Art in Nature

June 9, 2016

This week, during Arts Exploration Camp, our campers ventured down the street to Centre College to expand their understanding of Art Around the World and how global art can be found close to home.

Their first stop was Palace of Memory, a granite and earth-mound outdoor sculpture by Maine artist Tom Chapin. The sculpture features a giant Egyptian scarab beetle carved of African red granite and more than 200 feet of a serpentine, grass-covered mound.

The campers experienced Palace of Memory in lots of ways – looking from all different angles and walking the entire length in silence. Then they sketched the sculpture from two perspectives – bird’s eye and ant’s eye.  Inspired by this amazing creation and by the nature sculptures of British artist Andy Goldworthy, the campers created their own outdoor sculpture entirely out of found materials.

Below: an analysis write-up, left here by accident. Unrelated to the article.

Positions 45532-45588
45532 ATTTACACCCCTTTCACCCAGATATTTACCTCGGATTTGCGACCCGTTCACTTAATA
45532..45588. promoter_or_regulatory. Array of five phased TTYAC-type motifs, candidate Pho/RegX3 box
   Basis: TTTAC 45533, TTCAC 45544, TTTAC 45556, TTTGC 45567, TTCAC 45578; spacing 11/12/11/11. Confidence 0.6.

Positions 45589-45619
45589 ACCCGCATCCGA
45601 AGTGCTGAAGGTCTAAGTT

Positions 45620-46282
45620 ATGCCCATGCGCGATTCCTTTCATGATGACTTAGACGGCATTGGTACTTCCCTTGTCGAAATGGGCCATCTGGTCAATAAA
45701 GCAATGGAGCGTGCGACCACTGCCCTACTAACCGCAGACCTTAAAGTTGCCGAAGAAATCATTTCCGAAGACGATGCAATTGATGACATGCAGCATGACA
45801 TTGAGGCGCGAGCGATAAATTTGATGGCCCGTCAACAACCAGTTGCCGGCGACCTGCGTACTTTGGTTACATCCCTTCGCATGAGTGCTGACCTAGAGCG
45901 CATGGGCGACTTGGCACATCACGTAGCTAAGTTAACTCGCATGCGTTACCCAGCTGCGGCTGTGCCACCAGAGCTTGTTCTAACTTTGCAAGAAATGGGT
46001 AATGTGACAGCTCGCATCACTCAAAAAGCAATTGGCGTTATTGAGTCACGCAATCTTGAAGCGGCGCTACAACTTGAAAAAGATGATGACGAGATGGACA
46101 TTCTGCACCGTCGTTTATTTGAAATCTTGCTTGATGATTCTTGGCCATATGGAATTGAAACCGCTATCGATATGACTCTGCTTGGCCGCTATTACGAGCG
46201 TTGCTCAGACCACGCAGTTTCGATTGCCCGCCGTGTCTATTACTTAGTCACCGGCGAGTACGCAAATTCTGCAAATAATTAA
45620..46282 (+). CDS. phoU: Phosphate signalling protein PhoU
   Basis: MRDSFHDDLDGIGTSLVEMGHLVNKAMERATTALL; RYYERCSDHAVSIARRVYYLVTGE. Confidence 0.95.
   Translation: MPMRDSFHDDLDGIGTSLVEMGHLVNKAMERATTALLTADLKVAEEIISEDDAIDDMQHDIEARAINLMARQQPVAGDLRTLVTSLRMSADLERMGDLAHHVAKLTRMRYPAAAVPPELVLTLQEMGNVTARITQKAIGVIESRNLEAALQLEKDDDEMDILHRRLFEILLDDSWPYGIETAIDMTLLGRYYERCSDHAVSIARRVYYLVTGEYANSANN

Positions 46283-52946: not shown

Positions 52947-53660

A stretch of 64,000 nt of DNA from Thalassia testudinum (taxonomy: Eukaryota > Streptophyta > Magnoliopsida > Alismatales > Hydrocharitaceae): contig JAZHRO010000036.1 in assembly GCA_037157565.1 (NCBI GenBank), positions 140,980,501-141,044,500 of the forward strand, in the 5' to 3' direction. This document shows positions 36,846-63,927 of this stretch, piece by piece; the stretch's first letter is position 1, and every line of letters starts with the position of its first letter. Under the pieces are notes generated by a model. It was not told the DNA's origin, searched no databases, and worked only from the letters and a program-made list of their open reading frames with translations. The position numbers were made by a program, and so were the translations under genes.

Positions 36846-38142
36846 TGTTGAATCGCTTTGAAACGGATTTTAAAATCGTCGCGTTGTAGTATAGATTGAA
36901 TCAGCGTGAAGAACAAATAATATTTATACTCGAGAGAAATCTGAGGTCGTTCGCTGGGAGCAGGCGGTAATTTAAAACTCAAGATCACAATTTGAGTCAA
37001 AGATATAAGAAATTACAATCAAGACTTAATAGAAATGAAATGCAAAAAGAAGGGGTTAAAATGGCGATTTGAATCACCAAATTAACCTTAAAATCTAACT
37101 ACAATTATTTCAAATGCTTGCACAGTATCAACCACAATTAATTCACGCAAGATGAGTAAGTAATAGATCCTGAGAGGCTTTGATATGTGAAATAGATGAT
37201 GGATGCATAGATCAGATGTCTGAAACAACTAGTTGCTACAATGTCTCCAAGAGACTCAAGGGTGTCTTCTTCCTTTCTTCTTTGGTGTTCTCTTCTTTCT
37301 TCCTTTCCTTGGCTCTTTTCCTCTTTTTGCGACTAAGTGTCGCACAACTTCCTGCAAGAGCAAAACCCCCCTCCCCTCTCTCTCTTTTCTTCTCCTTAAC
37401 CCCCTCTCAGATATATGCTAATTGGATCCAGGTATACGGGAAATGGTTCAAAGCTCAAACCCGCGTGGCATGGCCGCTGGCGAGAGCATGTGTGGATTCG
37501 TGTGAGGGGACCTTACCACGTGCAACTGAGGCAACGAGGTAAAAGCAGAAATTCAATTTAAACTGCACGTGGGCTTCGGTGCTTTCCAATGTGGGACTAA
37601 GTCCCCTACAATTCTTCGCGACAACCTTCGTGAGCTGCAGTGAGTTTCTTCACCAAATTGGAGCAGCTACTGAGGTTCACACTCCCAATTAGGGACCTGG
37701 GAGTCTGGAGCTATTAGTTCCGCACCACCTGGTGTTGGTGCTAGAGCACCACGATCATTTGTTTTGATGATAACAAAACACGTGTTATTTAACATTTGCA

Earthen Works

Later in the day, our afternoon campers made a second visit to the college to see The Flame, an 11-foot, 2,000-pound bronze sculpture by Belgian artist John Somville and college alumna Dottie Smith. Prior to their visit, campers read cultural myths related to fire from several countries. During the field trip, they sketched The Flame, wrote their own fire myths, and illustrated their stories.


One of our goals with Arts Exploration Camp is to stretch our campers’ understanding of what constitutes “art.” Many kids initially think that art just means painting or drawing. When they come to camp, children are exposed to a wide range of artistic styles and mediums. They dance and sing, work with clay and fiber, explore mixed media and discover that they can create art out of just about anything!